Duke’s social media team hopped on the “how it started/how it’s going” Twitter meme trend the morning of Oct. 16, intending to make a joke about the University's growth. But the @DukeU tweet was criticized for its racially insensitive content and sparked heated dialogue regarding the University’s history.
The left-hand side of the now-deleted tweet featured a photograph of Brown’s Schoolhouse, founded in 1838 and the first in a series of institutions that eventually became Duke, captioned, “How it started.” On the right, a modern-day aerial photograph of the Duke Chapel and Abele Quad was labeled,“How it’s going.”
The team deleted the tweet after members of the Duke community and other Twitter users expressed concern for its lack of acknowledgement of racism in Duke’s history. Julian Abele, the Black architect for whom Abele Quad is named, designed numerous Duke buildings—most notably, Cameron Indoor Stadium—and is the mastermind behind Duke’s iconic Gothic style. However, he was denied access to Duke’s campus and its surrounding hotels due to the Jim Crow rules of the time.
“As can happen when serious topics are touched upon with two pictures and a few hundred characters, [the tweet] lacked full context,” wrote Michael Schoenfeld, vice president for public affairs and government relations, in an email to The Chronicle. “As alumni and students responded to and amplified the tweet, sharing their deeply personal and sometimes painful experiences at Duke, our social media team realized it was causing distress, not awareness. The original post was then deleted and the apology posted.”
Comments flooded in after the tweet was posted, with users condemning the post for being tone-deaf and ignorant. Other users found it hypocritical that @DukeU had posted about the university’s anti-racism initiatives the day before.
The post was widely shared. The University of North Carolina at Chapel Hill had posted a similar tweet on the same day, which contributed to the widespread circulation of Duke’s post and was brought up in replies.
@DukeU posted the tweet on Friday at around 11:45 a.m., but after onslaught of criticism, it was eventually deleted. Almost 21 hours after the original tweet, Duke posted the following statement:
“A message from Duke’s social media team: Yesterday we posted a historical image of Brown’s Schoolhouse beside a current photo of Abele Quad with captions drawing on a meme intending to show Duke’s growth, progress and change since its origins as a one-room schoolhouse.”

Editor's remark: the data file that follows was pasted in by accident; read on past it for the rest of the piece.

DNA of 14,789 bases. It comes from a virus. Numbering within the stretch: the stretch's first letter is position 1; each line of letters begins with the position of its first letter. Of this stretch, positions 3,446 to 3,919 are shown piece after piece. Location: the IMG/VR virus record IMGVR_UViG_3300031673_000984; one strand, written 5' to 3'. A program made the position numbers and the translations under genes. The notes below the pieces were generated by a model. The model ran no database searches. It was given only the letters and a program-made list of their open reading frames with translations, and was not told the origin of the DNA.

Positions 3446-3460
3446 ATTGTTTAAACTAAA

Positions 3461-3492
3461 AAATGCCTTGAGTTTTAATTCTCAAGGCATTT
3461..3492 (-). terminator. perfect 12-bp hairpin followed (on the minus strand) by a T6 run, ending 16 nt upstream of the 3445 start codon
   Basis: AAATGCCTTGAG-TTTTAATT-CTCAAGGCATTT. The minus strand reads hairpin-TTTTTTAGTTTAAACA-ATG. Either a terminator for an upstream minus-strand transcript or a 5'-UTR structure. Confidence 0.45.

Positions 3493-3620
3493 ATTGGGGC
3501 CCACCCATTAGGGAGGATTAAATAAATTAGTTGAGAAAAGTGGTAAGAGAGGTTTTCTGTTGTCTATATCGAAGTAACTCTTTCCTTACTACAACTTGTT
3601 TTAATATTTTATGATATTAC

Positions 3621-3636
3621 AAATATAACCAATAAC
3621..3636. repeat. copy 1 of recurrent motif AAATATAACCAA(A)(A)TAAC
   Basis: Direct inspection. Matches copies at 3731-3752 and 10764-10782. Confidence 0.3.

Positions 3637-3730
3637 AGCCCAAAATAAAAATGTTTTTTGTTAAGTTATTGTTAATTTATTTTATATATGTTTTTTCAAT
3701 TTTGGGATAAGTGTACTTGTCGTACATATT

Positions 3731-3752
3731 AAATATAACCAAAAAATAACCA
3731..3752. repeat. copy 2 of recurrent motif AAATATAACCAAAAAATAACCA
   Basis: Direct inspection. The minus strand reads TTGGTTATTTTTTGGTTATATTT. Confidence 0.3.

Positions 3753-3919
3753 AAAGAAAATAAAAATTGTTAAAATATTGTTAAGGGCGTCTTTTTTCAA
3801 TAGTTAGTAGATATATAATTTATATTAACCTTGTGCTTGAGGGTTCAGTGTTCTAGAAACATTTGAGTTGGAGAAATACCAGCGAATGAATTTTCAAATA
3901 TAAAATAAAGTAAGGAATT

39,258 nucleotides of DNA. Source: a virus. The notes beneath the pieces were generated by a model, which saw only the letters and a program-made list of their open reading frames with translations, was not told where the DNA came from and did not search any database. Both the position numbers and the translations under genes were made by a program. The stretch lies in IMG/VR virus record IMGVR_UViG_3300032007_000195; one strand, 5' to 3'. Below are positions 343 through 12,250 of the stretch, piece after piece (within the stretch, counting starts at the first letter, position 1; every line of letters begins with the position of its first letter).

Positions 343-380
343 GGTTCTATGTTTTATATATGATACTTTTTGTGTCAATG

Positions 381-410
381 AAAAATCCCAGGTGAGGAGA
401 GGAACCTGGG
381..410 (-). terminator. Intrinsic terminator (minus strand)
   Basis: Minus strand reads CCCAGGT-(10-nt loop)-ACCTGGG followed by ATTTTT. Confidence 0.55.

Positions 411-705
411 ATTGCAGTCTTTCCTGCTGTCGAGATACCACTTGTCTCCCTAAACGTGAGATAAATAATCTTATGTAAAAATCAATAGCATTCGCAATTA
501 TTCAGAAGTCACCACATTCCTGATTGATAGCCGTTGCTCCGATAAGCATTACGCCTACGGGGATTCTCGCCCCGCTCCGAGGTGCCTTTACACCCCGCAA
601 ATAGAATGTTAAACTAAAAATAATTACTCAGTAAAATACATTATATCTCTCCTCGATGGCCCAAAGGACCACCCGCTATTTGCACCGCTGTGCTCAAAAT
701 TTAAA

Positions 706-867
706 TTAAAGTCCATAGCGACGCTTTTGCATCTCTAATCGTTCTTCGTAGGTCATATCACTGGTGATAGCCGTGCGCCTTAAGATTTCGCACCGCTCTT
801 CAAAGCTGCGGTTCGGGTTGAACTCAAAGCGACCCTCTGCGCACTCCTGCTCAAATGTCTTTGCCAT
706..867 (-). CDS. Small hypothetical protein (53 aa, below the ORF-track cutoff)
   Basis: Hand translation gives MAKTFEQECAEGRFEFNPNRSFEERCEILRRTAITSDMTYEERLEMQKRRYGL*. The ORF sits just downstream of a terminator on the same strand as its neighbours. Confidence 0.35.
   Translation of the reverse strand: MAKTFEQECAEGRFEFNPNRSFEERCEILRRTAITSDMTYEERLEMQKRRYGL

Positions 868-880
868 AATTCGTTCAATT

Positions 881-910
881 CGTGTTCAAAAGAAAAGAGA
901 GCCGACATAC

The message continued, “It is clear our intended message of growth and progress instead evoked a painful history of oppression and racism. We sincerely apologize for this, and for our failure to recognize the unintended meaning the post would convey. The post has been deleted.”
However, some Twitter users were not satisfied with this response, with one deeming it “hollow.” Others wondered why Duke kept the post up for hours upon hours before deleting it, despite the frenzy of criticism.
“It took y’all hours and hours and hours so... this falls just as flat as the first tweet,” one user commented on the social media team’s apology post.
Several users suggested that Duke’s social media staff do a better job listening to their colleagues of color in order to prevent offensive content from being posted.
Some thought that the backlash was undeserved, arguing that Abele’s contributions are rightfully honored at Duke, as demonstrated by the naming of the quad and the celebration of Abele within teachings of Duke’s architectural design. And several users asserted that the tweet was harmless and well-intentioned.
“Sorry you have to apologize for this... Keep moving forward and always look back with pride!” one person wrote.
Schoenfeld wrote that the incident has been “an important learning moment” for Duke’s social media team.
The team “will continue to work with colleagues across the campus to promote Duke’s commitment to eradicating systemic racism and addressing race-related issues in Duke’s history,” he continued.
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Madeleine Berger is a Trinity sophomore and a university news editor of The Chronicle's 117th volume.